Thursday, July 23, 2009

The China Hand Got It Wrong

By Chip Tsao | published Jul 23, 2009

The latest nation to pay the price for offending the Chinese is Australia. Four employees of the Australian mining giant, the Rio Tinto Group (including Stern Hu, a Chinese-born “Australian citizen” and the firm’s chief iron ore salesmen), were arrested and charged with bribery and criminal espionage by China’s Ministry of State Security earlier this month.

This case has not only confused the Australians, who have long considered themselves an Asia-Pacific nation and China’s most loyal friend in the “free world,” but it also seems to have personally boggled Australia’s prime minister Kevin Rudd, a sinologist who speaks fluent Putonghua. Long gone are the days when the Chinese marveled at the Putonghua-speaking gweilo, whom they would offer special treatment and the most delicious dim sum because he had stooped to make the effort to understand our ancient 3,000-year-old civilization. It is thus a sad situation that the Australians have elected an in effect de-facto Chinese prime minister who could presumably please the rising dragon. But no matter how much of a point he makes to show off his Putonghua during a pilgrimage to Beijing, we remain unsatisfied with his attitude toward his Chinese neighbor. Remember when Rudd caused a tiny row when he was caught a few years ago picking his nose in public? A familiar scene, I thought, for the Star Ferry or the MTR.

As an old friend of China’s, Rudd should understand how to play the game with the Chinese. We have grown up with the tutelage of Sun Tzu’s writings about decoy tactics—you feint to the east, and attack in the west. The Chinese love to begin disputes out of the blue over some apparently trivial or silly matter to keep the baffled westerner guessing over which of his transgressions was the one that actually caused the most offense. In the case of Australia, was it the public screening in a Melbourne film festival of the pro-Xinjiang documentary, “The Ten Conditions of Love,” in which overseas Uyghur activist Rebiya Kadeer is hailed as a modern-day Joan of Arc? Or was it the case of Liu Hai-yan, also a Chinese-born “Australian citizen” alleged to have infiltrated Australia’s defense ministry by ingratiating himself as an intimate friend of the prime minister? Or, to go back even further, is it a subtle retaliation for the old urban legend that former prime minister Harold Holt was abducted off the Australian coast by a Chinese submarine in November 1967?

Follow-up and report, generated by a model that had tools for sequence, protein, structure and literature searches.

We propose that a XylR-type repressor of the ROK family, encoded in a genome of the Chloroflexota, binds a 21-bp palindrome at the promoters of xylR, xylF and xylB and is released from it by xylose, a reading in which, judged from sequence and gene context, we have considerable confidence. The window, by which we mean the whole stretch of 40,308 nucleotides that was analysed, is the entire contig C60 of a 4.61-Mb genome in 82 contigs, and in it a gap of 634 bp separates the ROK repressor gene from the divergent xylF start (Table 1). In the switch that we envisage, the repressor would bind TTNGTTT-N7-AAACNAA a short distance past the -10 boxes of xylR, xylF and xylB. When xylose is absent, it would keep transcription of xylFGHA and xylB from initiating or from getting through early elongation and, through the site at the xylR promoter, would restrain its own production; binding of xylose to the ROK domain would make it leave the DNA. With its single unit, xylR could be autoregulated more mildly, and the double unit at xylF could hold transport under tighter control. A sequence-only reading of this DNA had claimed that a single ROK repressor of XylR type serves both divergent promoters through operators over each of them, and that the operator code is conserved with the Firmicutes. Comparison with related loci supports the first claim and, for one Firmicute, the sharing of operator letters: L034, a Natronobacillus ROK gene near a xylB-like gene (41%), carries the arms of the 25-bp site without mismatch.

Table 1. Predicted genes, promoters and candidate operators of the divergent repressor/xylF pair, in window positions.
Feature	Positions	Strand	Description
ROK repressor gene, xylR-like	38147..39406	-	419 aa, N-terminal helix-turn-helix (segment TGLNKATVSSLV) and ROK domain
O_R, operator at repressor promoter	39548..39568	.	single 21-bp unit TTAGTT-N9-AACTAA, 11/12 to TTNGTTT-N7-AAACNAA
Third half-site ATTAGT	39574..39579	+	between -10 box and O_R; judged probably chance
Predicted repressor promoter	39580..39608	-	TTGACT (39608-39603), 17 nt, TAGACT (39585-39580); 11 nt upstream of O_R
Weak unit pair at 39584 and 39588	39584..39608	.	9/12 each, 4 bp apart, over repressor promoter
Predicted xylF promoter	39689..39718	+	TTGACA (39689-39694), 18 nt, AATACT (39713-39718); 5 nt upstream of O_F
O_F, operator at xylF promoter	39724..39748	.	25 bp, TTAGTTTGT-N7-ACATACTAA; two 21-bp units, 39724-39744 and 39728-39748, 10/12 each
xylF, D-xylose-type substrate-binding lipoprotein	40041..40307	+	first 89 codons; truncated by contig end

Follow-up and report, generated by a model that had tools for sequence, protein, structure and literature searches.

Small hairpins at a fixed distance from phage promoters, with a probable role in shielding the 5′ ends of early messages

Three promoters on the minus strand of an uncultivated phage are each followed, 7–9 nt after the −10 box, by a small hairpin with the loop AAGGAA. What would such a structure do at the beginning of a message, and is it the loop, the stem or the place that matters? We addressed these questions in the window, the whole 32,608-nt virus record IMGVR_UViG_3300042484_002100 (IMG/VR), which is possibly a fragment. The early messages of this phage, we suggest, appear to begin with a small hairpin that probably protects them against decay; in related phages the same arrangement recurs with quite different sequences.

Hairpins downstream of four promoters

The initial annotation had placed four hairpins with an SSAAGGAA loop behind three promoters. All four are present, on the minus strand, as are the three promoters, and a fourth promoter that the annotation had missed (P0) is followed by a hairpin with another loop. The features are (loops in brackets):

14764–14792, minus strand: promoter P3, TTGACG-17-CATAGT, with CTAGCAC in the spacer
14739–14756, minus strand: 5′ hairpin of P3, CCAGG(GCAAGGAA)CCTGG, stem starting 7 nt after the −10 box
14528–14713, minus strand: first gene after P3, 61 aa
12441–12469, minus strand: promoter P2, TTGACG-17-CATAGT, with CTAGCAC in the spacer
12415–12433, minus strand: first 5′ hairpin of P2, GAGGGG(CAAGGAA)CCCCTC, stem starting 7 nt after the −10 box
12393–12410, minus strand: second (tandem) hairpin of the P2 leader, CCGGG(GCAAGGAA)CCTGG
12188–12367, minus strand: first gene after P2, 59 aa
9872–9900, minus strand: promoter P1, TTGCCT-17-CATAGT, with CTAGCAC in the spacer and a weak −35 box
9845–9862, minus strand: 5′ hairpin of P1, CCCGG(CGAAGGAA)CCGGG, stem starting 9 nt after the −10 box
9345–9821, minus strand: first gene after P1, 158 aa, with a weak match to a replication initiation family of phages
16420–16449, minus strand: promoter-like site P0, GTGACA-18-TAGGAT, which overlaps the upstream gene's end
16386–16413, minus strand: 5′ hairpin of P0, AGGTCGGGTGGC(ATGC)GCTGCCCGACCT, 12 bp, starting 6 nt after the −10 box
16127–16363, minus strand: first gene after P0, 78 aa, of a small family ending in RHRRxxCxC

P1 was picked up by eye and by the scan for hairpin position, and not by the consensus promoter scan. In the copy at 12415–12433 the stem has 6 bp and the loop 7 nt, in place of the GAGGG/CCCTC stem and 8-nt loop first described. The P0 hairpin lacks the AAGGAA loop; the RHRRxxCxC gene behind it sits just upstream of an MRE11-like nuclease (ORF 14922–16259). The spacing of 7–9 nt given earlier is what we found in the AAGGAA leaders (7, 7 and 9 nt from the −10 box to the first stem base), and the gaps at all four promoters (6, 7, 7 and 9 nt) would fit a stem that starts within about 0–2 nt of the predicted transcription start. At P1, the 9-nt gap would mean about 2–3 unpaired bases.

All Kevin Rudd can do is bite his nails and guess. Sure, he was caught picking his nose in public—that’s Chinese enough for most, but the truly authentic middle-aged Chinese man would use the long nail on his little finger. If I remember correctly, Rudd preferred his index finger. As a China hand, he’s still got a bit more to learn.

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